THE CORDES FOUNDATION
Ron and Marty Cordes created The Cordes Foundation in 2006 and were joined in 2014 by their daughter Stephanie as Vice-Chair, and Eric Stephenson as Portfolio Director. The Foundation seeks to build a more peaceful and secure world through accelerating enterprising leadership, ideas and initiatives that fundamentally advance women’s human rights and address poverty with scalable and sustainable solutions.
Where did your philanthropy begin?
Marty: Ron and I met at the University of California Berkeley, through a philanthropy project. Ron’s fraternity was selling flowers to raise money to send underprivileged children to summer camp, and they asked the sororities to help. So we met selling daffodils! After we married, we did a lot of philanthropy at a local level. Women and girls was always the main focus, but we were giving to lots of other areas too and realised this wasn’t delivering the deep impact we were hoping to make.
Ron: It often becomes humbling when you look at the scope of the issues. We wanted to drill down to become more specialised and more knowledgeable, to really understand the players. It became clear to us that we believe philanthropy should be done on the ground, from the bottom up. It’s not up to us to impose on the developing world what we think they need, they’re entirely capable of coming up with their own solutions. What they need is resources and support – this is where we see our role.
When did you decide to create a family foundation? And how do you now work together as a family?
Ron: I had an investment management business that I decided to sell. It was important to Marty and me that we use that as an opportunity to create a family foundation. It was always something we wanted to do, to organise what had been over 20 years of personal philanthropy. We started the foundation before the business sale and funded it with stock, so it really became active when the business sold in October 2006.
At that point it was just Marty and me and we had a good idea of the issues we were interested in, but we got help from consultants and administrators about running a foundation. Frankly, it was more frustrating than inspiring. The world we were living in was steeped in the traditional idea of investing the capital [the endowment] and giving away the income: ‘it’s great to put 100 cents in but don’t even worry about 95 of those’. We wanted to see how we could put more than just 5% of our resources to work in solving the problems that were important to us.
Marty: In the last couple of years we’ve been joined by our daughter Steph, and Eric as Portfolio Director, and they’ve definitely helped to grow the organisation. When we first started, our strategy focused on women and girls, but this was very broad and we decided we really had to focus and pick an area where we were going to make a difference.
Steph: I joined after a few years working in fashion in New York. I’ve always been passionate about fashion, clothes and design, and wanted to figure out how I could use my passion and previous experience within the foundation. So I started learning about how over 80% of those working in fashion globally are women and many are not being paid a living wage. We wanted to find out how we could create opportunities for women in the developing world that integrated all three of our interests: women and girls, social entrepreneurship, and impact investing.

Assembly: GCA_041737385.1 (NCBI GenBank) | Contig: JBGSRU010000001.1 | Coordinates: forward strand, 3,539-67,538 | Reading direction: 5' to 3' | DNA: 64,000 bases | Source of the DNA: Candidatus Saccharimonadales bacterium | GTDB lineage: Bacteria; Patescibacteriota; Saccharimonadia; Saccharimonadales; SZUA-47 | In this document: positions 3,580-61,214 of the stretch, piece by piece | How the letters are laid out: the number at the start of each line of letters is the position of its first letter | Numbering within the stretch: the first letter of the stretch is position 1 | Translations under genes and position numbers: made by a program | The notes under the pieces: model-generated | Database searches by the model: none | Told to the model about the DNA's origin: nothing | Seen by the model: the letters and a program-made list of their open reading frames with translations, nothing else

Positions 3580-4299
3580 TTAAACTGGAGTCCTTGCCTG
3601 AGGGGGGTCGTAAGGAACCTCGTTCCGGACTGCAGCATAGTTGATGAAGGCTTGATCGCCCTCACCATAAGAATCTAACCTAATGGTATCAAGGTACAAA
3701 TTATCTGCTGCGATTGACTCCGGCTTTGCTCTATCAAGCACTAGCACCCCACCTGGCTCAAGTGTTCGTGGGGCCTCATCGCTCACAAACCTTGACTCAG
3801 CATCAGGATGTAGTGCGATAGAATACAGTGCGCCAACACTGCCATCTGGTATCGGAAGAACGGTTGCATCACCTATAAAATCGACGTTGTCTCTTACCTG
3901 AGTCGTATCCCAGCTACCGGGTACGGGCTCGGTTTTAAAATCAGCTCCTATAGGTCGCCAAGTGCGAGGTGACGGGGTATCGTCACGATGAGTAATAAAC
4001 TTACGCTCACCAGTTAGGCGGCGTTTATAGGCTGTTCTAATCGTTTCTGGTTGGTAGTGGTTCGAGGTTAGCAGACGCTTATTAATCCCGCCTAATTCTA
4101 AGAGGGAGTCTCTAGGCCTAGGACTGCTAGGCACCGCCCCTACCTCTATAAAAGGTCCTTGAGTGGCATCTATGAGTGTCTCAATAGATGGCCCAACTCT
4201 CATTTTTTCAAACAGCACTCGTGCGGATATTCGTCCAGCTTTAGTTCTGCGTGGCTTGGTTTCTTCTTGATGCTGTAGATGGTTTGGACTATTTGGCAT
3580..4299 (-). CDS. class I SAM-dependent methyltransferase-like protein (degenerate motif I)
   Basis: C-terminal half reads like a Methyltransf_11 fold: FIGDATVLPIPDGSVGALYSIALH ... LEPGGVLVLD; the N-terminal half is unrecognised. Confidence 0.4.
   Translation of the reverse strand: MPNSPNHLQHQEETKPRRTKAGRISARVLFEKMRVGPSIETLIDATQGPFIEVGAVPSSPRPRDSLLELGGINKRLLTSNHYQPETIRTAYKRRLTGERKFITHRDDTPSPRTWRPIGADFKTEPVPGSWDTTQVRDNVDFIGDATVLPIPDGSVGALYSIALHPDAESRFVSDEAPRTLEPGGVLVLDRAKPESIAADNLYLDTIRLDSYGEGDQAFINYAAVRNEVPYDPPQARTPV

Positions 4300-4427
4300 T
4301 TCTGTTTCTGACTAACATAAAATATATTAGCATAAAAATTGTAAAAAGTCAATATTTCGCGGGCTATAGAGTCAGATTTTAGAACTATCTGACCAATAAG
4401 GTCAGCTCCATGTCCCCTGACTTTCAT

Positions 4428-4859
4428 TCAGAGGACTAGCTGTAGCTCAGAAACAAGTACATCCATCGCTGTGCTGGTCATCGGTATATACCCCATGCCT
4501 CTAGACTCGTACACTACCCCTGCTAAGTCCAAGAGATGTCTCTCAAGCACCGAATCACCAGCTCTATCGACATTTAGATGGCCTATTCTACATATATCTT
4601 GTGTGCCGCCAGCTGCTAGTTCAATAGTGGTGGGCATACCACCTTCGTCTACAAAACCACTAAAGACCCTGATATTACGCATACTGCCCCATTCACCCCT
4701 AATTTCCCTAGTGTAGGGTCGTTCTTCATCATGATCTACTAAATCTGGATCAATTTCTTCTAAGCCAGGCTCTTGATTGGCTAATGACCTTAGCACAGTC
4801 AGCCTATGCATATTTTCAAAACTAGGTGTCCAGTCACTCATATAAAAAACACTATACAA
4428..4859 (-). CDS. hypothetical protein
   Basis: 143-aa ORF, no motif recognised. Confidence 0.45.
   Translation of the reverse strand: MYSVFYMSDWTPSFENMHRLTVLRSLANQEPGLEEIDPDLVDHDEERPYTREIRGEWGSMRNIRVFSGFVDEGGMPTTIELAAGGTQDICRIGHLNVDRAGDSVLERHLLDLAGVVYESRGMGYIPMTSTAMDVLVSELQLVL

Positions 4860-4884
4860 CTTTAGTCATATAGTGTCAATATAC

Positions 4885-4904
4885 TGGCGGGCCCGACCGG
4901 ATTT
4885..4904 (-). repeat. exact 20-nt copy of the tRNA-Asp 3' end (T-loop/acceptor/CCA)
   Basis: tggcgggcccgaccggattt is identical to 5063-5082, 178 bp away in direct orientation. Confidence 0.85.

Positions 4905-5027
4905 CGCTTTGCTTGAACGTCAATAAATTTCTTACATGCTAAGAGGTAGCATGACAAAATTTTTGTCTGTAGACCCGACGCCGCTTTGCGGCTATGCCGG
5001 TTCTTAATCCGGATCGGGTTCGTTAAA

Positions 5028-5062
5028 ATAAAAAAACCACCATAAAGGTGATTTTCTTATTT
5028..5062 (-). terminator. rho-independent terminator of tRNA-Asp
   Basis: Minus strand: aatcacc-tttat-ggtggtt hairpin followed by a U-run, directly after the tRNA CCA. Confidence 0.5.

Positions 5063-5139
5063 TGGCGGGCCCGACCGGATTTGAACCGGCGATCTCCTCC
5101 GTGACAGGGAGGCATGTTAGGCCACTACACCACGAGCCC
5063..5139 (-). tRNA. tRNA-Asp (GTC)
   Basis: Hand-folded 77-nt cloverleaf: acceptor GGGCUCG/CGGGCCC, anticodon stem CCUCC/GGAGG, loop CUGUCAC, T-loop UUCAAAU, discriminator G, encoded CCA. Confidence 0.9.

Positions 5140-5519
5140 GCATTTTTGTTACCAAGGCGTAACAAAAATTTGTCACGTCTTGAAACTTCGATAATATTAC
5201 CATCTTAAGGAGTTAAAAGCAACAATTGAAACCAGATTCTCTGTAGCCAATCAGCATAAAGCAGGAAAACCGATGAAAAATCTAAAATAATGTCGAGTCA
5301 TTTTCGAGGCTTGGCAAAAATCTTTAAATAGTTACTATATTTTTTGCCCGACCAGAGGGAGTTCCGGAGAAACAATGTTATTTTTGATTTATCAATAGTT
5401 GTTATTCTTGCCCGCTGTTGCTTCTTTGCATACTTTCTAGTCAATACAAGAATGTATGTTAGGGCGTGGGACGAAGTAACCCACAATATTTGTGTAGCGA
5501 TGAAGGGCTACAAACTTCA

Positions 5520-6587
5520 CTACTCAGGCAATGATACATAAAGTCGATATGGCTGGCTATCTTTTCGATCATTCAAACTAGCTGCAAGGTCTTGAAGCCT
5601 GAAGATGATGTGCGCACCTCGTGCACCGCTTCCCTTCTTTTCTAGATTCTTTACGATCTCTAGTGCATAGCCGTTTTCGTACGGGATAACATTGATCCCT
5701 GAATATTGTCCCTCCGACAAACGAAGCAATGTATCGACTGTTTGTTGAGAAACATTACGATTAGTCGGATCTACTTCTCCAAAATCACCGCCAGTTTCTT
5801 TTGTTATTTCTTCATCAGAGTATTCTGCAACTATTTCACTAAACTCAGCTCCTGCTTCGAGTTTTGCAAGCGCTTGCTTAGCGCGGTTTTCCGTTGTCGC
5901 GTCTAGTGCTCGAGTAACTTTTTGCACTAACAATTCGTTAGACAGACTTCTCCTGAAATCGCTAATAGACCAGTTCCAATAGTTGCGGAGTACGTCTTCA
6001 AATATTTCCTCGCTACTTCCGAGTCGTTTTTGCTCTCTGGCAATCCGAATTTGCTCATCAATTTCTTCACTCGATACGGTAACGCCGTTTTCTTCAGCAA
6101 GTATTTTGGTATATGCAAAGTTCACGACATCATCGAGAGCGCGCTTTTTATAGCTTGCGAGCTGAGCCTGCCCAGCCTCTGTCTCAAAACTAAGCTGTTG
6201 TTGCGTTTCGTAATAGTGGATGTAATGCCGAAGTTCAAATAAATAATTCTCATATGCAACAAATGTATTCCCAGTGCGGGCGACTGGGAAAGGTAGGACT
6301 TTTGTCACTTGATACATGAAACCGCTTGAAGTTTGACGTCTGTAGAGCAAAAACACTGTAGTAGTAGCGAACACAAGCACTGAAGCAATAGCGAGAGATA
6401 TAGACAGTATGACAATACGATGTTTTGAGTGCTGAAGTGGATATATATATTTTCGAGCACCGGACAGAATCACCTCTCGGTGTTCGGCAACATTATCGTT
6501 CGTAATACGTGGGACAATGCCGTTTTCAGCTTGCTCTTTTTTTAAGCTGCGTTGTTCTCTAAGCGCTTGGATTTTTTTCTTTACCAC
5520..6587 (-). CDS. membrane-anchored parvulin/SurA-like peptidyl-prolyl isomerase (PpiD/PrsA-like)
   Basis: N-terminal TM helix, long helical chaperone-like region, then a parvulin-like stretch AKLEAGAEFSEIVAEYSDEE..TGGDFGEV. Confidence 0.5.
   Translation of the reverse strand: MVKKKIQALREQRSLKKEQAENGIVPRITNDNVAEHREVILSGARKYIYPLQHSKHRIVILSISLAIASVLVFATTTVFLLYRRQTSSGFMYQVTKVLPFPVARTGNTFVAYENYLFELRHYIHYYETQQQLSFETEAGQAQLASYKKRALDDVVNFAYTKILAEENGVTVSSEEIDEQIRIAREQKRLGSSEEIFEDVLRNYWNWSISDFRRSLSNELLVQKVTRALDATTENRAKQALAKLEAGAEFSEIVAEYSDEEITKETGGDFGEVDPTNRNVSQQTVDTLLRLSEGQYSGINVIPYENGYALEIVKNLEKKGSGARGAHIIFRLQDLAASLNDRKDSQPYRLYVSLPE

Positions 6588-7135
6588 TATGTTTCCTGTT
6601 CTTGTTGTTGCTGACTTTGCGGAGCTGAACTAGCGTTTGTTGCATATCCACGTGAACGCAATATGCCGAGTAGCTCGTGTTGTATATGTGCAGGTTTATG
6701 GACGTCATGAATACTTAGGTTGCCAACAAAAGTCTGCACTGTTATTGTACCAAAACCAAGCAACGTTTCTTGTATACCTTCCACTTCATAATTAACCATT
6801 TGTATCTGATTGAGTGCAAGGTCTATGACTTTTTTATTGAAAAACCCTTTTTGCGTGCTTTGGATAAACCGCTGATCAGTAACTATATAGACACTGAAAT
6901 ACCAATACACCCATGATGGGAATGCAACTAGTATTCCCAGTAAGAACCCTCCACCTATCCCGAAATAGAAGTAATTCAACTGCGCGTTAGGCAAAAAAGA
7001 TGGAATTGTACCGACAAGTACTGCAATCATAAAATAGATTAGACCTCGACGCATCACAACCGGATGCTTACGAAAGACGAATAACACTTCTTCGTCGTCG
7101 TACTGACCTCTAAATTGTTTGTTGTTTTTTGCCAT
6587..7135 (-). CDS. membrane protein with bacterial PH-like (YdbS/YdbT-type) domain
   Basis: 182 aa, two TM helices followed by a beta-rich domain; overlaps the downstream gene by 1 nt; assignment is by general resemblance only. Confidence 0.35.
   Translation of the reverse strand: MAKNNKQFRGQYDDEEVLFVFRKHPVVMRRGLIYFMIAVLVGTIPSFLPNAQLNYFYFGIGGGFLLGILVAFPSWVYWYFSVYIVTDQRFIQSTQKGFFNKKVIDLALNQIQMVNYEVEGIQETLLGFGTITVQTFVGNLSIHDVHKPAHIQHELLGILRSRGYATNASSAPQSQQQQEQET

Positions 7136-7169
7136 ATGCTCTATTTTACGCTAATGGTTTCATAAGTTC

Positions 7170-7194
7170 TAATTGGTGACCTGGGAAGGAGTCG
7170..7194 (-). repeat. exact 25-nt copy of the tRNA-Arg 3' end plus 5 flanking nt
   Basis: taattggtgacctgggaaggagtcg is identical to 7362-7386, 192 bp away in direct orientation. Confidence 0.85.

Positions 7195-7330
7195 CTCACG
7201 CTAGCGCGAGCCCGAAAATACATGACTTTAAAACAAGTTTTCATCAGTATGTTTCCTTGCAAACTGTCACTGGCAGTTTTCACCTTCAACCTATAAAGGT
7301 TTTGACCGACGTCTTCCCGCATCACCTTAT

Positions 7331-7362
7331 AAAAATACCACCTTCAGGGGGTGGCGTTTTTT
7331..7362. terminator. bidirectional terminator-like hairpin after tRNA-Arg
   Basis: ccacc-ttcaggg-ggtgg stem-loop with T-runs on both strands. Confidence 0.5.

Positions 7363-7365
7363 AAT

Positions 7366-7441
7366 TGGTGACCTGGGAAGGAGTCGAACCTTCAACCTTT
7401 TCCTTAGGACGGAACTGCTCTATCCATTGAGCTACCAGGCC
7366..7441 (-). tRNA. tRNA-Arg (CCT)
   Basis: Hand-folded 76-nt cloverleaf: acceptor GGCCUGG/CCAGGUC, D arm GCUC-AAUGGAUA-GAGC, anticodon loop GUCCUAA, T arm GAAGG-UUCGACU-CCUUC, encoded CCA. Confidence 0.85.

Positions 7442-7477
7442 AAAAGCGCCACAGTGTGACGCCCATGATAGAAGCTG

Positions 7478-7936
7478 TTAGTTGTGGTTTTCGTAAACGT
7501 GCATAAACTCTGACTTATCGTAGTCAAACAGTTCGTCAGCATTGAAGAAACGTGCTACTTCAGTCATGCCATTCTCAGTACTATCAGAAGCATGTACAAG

Ron: Our portfolio today reflects our combined passions around empowering women and girls, and the grants budget and investment decisions are something we do as a family. We have board members for external advice and support, but it’s a four-person team at the foundation. We consider Eric like family; he‘s in charge of managing all of the details around how we perform due diligence on our investments, how we monitor our portfolio and work with all the different organisations we support.
How have you developed your investments in women and girls? How do you think about applying a 'gender lens' to your work?
Marty: When Steph joined the foundation, we wanted to see how her interest in fashion fit with what we were already doing around providing economic opportunities for women. Knowing that the global fashion industry is over 80% women, her interest fit perfectly.
Steph: As an example, last year we invested in an ethical jewellery company called Soko. They use a global technology platform that allows artisans to connect with and pick up orders with big retailers. We went out to Nairobi to talk to them and find out how it was working. Although many of the artisans sold in local markets, they now have access to global markets. They’re able to produce a lot more and grow their incomes.
Marty: The way we look at gender is that we aren’t just supporting organisations where women are the end beneficiaries. When we make investments in the artisan sector we’re looking for the organisation’s ability to include women throughout the entire supply chain. We’re also looking at where women are playing roles in an organisation, in leadership positions or on boards, for example, as we believe that those organisations are going to be more effective.
The main thing is that by giving women economic opportunity we are creating greater opportunity for their children and their children’s children. We’re trying to break the cycle of poverty and it’s proven that if you start with a woman you will get a better outcome.
How did you go about using impact investing and other tools to dedicate all your assets for your mission? What advice would you give to those who are interested in this approach?
Ron: We made some personal investments in microfinance even before starting the foundation, so had become aware of the opportunity for impact investing. In late 2007 we went to our board and proposed to allocate 20% of our portfolio to what we called ‘social enterprise investments’ for the next year. I remember saying to them that it was a new and unproven field, but that we wanted to be field-builders. We may lose a bit but we’d try to lose it intelligently so we could learn on behalf of ourselves and others.
Finding investment opportunities was incredibly difficult at the time. It took us nine months to put together roughly 20% of our portfolio, most of which was allocated in the developing world. As the financial crisis hit in late 2008 it became apparent that this 20% was actually the best performing part of our portfolio. That really spearheaded this approach as something that has both investment merit and delivers an impact.
We’ve ended up over the years bringing together people who are really deploying capital, to share honest conversations about what has worked and what hasn’t, and how we can inspire the rest of the philanthropic community to take a broader perspective on using the resources they have. If somebody tells you it isn’t possible to be an impact investor, or that there are significant limitations, then I’d suggest you probably don’t have the right advisor. It’s a growing field based on the demand from both foundations and philanthropists.